Growing up in Parker I visited this river many times.  It is always a great Arizona adventure. Outdoor adventurers will find opportunities for many activities in a unique setting. The Swansea Ghost Townsite is also nearby.  Bill Williams River National Wildlife Refuge is located along the Bill Williams River in La Paz and Mohave Counties, Arizona, with the river as the dividing line between the two counties. The refuge was established in 1941 as part of Havasu NWR as mitigation for the Boulder (Hoover) and Parker Dam projects. Since the early ’90s, 6 state and federal agencies have worked together to manage the Bill Williams River's outstanding riparian, wildlife, recreational, and fisheries resources. There are only two public access vehicle crossings of the river, on Lake Havasu at the Highway 95 bridge and the El Paso Natural Gas Pipeline Crossing. The lower portion of the river, in the Bill Williams National Wildlife Refuge, is accessible from the road south of the Bill Williams Bridge on Highway 95. From Interstate 40, take State Highway 95 south approximately 37 miles to where the Bill Williams River flows into the Colorado River at Lake Havasu. The marshy delta created at the confluence can be viewed from several Highway 95 turnouts.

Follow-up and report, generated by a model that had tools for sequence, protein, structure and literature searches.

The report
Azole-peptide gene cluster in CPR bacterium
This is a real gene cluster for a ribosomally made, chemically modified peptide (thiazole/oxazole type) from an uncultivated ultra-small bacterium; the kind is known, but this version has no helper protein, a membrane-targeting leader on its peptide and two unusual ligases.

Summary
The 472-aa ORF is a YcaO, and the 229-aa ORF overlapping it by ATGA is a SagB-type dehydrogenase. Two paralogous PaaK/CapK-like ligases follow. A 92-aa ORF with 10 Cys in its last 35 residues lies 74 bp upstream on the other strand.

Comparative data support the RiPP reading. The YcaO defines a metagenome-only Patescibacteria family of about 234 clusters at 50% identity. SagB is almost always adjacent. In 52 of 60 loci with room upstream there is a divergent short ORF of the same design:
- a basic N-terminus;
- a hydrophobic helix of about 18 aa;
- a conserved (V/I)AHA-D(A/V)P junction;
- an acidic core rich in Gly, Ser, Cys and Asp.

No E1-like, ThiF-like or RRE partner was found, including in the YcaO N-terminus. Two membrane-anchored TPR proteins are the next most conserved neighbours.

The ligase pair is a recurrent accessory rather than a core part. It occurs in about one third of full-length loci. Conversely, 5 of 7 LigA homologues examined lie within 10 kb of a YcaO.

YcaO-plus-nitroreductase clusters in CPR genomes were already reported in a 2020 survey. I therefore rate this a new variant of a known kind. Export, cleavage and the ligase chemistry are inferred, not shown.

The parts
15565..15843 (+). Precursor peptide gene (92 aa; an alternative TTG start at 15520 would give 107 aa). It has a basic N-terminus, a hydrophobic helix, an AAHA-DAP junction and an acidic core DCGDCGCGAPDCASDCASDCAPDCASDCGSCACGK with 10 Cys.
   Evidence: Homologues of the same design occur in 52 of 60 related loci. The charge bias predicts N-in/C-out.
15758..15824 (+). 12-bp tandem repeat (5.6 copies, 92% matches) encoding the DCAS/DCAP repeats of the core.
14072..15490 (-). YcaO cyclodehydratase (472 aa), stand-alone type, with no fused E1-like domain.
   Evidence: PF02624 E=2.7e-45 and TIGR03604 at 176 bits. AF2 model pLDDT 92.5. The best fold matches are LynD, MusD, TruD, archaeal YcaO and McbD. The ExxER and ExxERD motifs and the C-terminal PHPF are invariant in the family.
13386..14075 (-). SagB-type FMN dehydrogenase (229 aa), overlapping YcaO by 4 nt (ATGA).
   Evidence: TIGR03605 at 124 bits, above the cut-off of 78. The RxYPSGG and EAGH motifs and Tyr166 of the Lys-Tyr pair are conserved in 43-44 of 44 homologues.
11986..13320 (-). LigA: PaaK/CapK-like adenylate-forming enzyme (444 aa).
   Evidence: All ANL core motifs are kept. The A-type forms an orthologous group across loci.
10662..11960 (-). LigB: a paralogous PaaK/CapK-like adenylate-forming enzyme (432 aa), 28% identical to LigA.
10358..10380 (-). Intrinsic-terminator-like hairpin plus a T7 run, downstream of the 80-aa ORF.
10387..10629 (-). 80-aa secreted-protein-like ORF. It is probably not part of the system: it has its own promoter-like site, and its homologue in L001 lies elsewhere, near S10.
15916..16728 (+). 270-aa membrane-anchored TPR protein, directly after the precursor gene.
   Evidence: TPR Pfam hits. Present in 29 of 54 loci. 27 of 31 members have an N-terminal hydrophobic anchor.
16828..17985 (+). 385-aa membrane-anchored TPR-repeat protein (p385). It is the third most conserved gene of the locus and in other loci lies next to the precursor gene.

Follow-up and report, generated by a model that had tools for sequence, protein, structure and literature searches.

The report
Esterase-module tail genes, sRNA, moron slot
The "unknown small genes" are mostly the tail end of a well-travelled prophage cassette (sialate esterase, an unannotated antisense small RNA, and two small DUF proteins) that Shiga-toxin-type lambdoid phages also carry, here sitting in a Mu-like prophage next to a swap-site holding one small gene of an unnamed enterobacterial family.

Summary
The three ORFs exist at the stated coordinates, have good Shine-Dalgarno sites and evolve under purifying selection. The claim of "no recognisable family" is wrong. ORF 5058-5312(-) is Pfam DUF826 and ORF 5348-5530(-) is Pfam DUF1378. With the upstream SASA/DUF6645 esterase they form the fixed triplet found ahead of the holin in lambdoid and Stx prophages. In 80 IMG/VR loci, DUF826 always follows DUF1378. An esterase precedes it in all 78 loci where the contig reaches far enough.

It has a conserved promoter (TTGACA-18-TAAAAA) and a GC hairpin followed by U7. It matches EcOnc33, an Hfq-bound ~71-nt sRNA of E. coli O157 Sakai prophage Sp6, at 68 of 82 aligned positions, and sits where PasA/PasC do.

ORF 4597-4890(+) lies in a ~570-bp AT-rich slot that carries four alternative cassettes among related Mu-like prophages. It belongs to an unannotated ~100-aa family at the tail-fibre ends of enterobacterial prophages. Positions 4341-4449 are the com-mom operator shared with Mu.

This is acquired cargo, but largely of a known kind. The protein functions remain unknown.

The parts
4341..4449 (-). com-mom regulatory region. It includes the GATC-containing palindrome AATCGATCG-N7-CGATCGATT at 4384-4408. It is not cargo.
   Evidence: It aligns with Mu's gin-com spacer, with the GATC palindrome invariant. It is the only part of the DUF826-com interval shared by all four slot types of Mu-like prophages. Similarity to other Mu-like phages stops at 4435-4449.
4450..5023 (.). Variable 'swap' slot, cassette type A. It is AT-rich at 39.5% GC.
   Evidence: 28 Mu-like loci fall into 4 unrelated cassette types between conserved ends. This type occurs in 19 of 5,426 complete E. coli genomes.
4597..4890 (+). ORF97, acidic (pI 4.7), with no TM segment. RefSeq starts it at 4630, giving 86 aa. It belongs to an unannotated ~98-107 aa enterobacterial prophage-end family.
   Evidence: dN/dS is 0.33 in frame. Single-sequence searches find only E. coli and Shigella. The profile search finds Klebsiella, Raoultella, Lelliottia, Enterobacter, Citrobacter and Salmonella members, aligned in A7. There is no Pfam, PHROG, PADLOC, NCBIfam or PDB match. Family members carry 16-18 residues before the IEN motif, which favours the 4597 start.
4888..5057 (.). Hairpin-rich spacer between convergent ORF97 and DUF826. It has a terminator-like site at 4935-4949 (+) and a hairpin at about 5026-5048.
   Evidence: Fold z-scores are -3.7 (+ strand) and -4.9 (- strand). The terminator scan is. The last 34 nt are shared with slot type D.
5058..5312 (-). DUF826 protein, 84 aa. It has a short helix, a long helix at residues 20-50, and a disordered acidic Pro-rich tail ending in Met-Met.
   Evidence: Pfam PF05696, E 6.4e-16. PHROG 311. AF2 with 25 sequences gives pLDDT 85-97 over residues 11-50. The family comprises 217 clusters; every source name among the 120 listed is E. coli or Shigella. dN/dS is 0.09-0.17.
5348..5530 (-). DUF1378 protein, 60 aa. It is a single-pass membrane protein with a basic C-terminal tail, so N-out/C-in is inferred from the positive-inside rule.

In 1993, the two refugees were separated and the Bill Williams Unit became the Bill Williams River NWR. There are few places in the world where one can stand, look at a Saguaro cactus, a cattail stand, and a cottonwood tree together. This unique blend of upland desert, marsh, and desert riparian habitats provide for a diverse array of birds, mammals, and reptiles. The cottonwood/willow forest is the last Riparian restoration and protection of native flora and fauna that depend on this habitat are management priorities. Planting and maintaining cottonwood and willow trees, controlling Salt Cedar, and reintroducing native fish are included in future plans. Returning the flows in the river to a more natural state which will better mimic historical conditions is the best management tool for restoring native flora and fauna. The refuge is an important part of the lower Colorado River Ecosystem as it contains the largest remaining cottonwood/willow stands in the ecosystem.

There are over 275 bird species are found here. This includes southwestern willow flycatcher, vermilion flycatcher, yellow-billed cuckoo, western tanagers, Lazuli bunting, Townsend's warbler, black-throated gray warbler. The Yuma clapper rail nests in the delta. Beaver, raccoon, bobcat, mountain lion, gray fox, Javalina, mule-deer, desert bighorn sheep, Ring-Tailed cat are a few of the mammals found on the refuge. Razorback sucker and Bony Tail chub have been reintroduced in the Bill Williams Delta.In 1941, the Bill Williams Wildlife Refuge was established.  Since the 90’s, the refuge has been managed and maintained by six state and federal agencies.  It is an excellent resource for riparian, wildlife, and fisheries.